It was a funny thing to read, this morning, on CBC’s website:
(Stephen Harper) He says that means starting at the basic education level: “There’s a general feeling there are too many kids getting BAs and not enough welders.”
Measures aimed at promoting apprenticeships will feature prominently in the budget, he says.
Vocational education often has a certain stigma to it. “Well, he may not get into Cegep, but there’s always Voc Ed. Sorry.”
That just isn’t the case. Or it shouldn’t be the case. And it didn’t used to be this way. Over the last 30 years, the entire focus has been put on getting that Bachelor’s degree. “High school alone just won’t cut it.” But what comes after high school? Not everyone gets into Cegep. Not everyone *wants* to get into Cegep. And not everyone *should* get into Cegep, and especially so when there is a real need for tradespeople. And not to burst anyone’s bubble, but the kid graduating with a BA in computer science? Well, that kid working as an undersea welder out in the Maritimes is likely making 4-5 times as much money, with more time off and benefits.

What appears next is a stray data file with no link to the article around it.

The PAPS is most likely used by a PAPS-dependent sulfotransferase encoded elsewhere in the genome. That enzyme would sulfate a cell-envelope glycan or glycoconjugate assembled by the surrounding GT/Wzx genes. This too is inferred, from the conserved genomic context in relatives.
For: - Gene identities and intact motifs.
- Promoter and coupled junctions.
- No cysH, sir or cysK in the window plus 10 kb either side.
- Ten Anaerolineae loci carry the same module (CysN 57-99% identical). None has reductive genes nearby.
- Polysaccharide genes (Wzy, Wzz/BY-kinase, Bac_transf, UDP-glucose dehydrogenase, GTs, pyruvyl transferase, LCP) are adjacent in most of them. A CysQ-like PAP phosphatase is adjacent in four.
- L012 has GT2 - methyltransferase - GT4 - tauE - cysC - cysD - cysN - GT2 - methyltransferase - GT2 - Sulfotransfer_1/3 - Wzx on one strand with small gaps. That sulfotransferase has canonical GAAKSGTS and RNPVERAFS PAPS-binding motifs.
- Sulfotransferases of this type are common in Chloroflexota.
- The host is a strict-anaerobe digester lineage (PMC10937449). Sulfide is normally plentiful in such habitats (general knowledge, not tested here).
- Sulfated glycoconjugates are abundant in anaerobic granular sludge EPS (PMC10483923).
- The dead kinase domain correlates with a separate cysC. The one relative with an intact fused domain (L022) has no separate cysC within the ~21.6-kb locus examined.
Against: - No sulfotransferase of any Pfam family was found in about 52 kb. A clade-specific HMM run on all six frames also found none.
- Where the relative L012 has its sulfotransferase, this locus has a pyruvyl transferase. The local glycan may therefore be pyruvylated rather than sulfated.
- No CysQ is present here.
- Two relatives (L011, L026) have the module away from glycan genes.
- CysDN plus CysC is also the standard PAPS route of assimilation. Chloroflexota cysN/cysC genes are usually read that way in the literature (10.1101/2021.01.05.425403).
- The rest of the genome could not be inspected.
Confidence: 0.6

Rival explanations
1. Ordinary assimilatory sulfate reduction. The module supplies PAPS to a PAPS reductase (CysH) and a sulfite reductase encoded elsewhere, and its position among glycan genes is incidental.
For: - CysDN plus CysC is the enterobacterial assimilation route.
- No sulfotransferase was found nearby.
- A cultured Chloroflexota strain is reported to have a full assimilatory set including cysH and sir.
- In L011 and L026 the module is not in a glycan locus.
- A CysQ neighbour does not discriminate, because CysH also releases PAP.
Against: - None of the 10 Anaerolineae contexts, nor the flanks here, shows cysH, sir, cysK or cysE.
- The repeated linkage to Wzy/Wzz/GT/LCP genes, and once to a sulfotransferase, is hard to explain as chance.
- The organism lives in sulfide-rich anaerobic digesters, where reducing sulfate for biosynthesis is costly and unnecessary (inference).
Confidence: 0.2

Other countries have sophisticated systems to bring bright young people into trades and professions, but we’ve never really figured it out.
And why haven’t we? Well, I would ay that the first step is to remove the stigma from the work path in high schools. Understand that vocational education is not where you go if you can’t succeed in school. It’s a path that you may choose that leads to a great future, and all the success in the word. Graduates of Vocational Education, even if they have not managed to pass Sec 4 history and maybe missed a credit in French or English – well, they are our success stories as well, and the MELS needs to recognize that.